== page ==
Adults have been given permission to enjoy pop for many more years than you imagine. In the soda market space, there’s the old standby, Orangina, a product I have always found equal to my maturity. Its proximate competitor is the very amusing San PelligrinoAranciata, available in small bottles or cans.
While in many ways the ultimate in adult beverages for my money is seltzer water, whether it be Perrier, Pelligrino, Polar, Saratoga Sparkling or Poland Springs, the flavored arena is a fulsome one. It also makes for a nice change.
GuS (aka Grown-up Soda) is pretty much a new kid on the block. A family owned business, these soft drinks have wide distribution in bodegas and fancy food stores.
Recently, I was introduced to another drink of “Sipperior” quality at the York Social, where Sipp is in the fridge. Like GuS, Sipp prides itself on its natural and organic flavors and recipes. The variety made with pear is an especially lovely blend, but the Berry Mojo drink is also lovely.
Many of us are, or are descendents of those who have come from far away to be in America. The place we were born and the one in which we landed conspire to make our identity. We say we are Italian-Americans, or Americans of German ancestry. Some brought the homeland with them, for instance, naming a place in Maine after Denmark and another after Poland. Those of us lucky enough to be from my city mostly just say we’re New Yorkers.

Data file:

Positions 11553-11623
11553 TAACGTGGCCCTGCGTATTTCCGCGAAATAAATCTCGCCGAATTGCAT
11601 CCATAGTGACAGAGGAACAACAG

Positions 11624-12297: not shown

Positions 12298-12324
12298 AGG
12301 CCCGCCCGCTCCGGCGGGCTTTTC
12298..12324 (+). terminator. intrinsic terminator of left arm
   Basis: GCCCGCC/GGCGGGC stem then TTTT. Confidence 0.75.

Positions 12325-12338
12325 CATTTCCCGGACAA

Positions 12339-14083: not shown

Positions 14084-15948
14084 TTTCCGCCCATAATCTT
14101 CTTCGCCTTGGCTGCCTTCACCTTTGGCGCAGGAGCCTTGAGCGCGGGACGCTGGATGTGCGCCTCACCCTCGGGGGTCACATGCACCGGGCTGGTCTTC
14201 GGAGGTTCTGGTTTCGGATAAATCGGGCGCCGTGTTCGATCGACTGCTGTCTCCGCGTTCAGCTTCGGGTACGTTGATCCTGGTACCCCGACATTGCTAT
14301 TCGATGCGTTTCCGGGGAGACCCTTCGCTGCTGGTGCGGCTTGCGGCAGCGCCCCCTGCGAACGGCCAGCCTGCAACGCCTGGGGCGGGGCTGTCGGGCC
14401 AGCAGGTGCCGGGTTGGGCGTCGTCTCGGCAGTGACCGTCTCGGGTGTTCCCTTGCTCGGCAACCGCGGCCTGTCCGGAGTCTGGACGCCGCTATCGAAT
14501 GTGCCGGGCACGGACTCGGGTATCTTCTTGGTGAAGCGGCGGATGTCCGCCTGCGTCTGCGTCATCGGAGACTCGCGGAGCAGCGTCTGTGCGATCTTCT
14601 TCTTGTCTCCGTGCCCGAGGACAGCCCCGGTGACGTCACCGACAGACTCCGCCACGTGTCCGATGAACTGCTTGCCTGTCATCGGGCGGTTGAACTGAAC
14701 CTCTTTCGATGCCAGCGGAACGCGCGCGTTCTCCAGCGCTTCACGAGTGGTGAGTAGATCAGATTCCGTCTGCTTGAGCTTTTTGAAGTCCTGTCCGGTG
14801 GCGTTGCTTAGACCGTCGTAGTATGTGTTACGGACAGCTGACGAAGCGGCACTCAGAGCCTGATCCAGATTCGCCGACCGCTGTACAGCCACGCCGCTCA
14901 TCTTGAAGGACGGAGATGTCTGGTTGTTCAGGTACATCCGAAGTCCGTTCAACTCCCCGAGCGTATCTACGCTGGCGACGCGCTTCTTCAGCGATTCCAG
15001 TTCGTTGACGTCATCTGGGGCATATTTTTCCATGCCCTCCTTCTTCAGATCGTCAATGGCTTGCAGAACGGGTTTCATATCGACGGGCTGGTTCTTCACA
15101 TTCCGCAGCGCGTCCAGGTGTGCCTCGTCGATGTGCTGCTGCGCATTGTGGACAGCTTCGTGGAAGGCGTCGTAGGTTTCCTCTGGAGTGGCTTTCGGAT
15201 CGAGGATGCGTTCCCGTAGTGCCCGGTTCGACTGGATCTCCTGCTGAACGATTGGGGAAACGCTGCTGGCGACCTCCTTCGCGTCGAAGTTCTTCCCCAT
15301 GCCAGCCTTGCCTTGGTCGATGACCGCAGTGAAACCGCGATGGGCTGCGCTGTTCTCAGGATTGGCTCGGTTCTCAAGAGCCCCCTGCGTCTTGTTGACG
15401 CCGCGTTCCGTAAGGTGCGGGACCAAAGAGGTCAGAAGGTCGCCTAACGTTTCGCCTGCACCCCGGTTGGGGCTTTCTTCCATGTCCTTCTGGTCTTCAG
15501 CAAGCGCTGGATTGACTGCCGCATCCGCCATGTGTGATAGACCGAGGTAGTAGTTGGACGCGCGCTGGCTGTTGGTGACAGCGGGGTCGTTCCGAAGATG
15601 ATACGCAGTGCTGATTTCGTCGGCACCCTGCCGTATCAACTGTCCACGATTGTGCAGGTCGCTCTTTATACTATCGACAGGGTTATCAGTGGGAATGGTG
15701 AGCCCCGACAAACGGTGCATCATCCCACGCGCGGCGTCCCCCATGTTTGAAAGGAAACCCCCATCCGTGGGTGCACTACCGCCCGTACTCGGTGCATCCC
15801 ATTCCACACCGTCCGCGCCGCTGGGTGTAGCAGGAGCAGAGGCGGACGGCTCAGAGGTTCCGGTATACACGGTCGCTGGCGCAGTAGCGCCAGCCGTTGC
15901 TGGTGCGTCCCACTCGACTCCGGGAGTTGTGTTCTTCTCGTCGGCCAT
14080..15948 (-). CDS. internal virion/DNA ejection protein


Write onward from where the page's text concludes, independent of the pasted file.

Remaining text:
As citizens of the United States, however, we are always recognized by our distinctive Americanness. Who are you? I am an American.
What does that mean? I am an American. It means I honor the hard-won rights, liberties, and responsibilities of all those singular and distinguished Americans who forged this “more perfect union.” Some of us continue to struggle to keep the ideals of our Constitution (and its amendments) intact. We are united in the laws of our land. We are one under a flag that represents American values. Nothing should divide us, although many things do.
Sometimes it’s our background, or place of origin that keeps us from acknowledging that we are all one people. Sometimes, it’s our ethnic heritage or religious beliefs that we hold above being an American. Sometimes it’s the ethnicity (or choice of worship) of our fellow Americans that we disparage, showing disrespect not only to our compatriots but also to our way of life. We allow differences in political orientation to distract us from who we truly are. We are not Republicans or Democrats. As denizens of a democratic republic, we are in truth both. We need to celebrate and esteem our “nation, indivisible” and recognize the unity that is these UNITED STATES of America.
Where there were buildings So familiar as to be forgotten There are great big holes in the ground, Waiting for cement and cranes, And that inevitable uplift to The city skyline so familiar As to be anticipated